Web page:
So your parents have just invested a significant amount of money for university education. As a freshman, what can you do to make sure you get your money’s worth? How will you assure a return on your investment (ROI)? Well, here is a very important fact about university and ROI. Attending class, establishing a good GPA, and completing a major will get you a degree but NOT a job. And your degree alone will not educate you on how to transition from a student to a professional. Your degree alone will not educate you on how to build your network, establish your professional brand, and obtain and keep a job.
So, when should you begin working on your career development? Immediately! Here are 6 steps to kick start your career as a university freshman Read the rest of this entry »
It’s ironic that hunting for a job tends to be more difficult and stressful than the job itself. Whether you’re looking for a different employer because you’re not growing as a person and as an employee in your current one or you’re just out for a new experience, you’re going to be jumping through a lot of hoops to get a new job.
Job hunting is not too different from selling. With job hunting, you simply sell your skills to a company willing to pay you so they can make money out of you. It’s a bit of a dark outlook, but it’s reality.
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Dear CoachFaith, I’m a fresh graduate, I majored in Business Education (Accounting Option) in one of Nigeria’s foremost University. I am someone who believes in making a difference and not just earning a pay. I’m quite startled with the way employers view my course as though it is irrelevant to the workplace. Hence, I think I need a defined career for myself.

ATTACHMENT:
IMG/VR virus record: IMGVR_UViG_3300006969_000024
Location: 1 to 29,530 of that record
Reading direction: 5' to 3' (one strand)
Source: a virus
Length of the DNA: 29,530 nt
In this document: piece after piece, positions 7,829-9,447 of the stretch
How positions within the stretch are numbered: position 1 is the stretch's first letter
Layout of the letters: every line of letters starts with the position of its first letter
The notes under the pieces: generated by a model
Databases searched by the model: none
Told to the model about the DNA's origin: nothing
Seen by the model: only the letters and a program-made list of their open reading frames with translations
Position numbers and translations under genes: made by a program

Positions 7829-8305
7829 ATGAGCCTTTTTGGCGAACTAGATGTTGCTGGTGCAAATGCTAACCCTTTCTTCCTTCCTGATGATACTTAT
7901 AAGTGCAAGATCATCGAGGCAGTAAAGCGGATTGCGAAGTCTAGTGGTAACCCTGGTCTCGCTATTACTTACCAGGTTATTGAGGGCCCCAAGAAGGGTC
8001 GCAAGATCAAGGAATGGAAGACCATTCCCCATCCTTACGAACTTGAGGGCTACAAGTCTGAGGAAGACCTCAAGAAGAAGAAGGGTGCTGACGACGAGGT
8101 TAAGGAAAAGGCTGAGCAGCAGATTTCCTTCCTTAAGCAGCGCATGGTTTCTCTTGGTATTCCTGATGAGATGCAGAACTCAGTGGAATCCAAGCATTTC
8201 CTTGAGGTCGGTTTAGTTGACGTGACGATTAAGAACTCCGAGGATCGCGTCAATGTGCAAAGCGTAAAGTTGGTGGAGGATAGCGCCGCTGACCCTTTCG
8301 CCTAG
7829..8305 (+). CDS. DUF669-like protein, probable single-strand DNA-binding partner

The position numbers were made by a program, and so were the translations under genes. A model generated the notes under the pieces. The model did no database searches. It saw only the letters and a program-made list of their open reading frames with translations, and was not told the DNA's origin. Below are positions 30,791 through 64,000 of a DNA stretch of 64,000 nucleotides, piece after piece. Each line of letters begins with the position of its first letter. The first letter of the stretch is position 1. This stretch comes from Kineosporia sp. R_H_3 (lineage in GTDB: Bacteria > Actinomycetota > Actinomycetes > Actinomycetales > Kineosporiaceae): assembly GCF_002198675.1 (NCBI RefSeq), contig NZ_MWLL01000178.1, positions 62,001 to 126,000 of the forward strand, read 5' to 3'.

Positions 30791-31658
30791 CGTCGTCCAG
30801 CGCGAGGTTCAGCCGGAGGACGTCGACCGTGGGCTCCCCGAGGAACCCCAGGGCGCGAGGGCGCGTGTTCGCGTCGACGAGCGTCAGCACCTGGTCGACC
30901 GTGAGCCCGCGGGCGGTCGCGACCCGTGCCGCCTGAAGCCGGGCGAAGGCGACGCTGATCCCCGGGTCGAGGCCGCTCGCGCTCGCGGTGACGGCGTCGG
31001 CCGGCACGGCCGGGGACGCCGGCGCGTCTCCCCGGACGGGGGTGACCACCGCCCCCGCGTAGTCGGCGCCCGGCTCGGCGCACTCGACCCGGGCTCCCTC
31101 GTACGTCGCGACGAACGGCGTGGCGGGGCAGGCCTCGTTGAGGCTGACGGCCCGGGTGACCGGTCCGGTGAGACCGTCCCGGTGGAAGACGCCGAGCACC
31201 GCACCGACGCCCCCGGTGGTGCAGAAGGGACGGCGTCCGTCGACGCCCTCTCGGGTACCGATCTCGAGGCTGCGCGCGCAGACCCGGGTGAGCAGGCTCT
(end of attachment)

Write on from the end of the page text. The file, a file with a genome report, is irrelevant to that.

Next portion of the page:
Also, taking Accounting as a career is a no-no for now because I didn’t study pure Accounting and going for ICAN isn’t possible now due to paucity of funds (though, planning to further when I get a job).
Thanks in anticipation of your response! – Dare Read the rest of this entry »
Dear CoachFaith, How are you? I need your take on this! I work in a oil service company, in the Business Development Unit – basically Marketing! I actually studies Food Science Technology in the University, I am having the feeling that my degree may halt my career progression so am currently considering another degree but no time so am particularly considering an online degree since I have the resources to sustain that. What will you advice about online degree! – Helen, Lagos. Read the rest of this entry »
Dear CoachFaith: What is the difference between motivation letter and cover letter and can I use my already prepared cover letter for an application that requires motivation letter. Evelyn, Portharcourt
Dear Evelyn: In most cases they both fall under the name of cover letter despite the extremely subtle variation. A cover letter technically refers to the accompanying letter you use when applying for a job, while a motivation letter is usually for applying to university or a non-paid position. Generally speaking, the content of both letters is quite similar and the purposes are the same which is why using the title of cover letter to represent all types of letter that persuades the recipient that they are the right choice. I also observed that the term Motivation Letter is more of an American variation to it. The more important thing here is, make sure you fine-tune your letter to every specific application, don’t throw around what some call generic cover letters and CVs, it sells you off as lazy and lacking initiative. See a template of a motivation letter after the cut. Read the rest of this entry »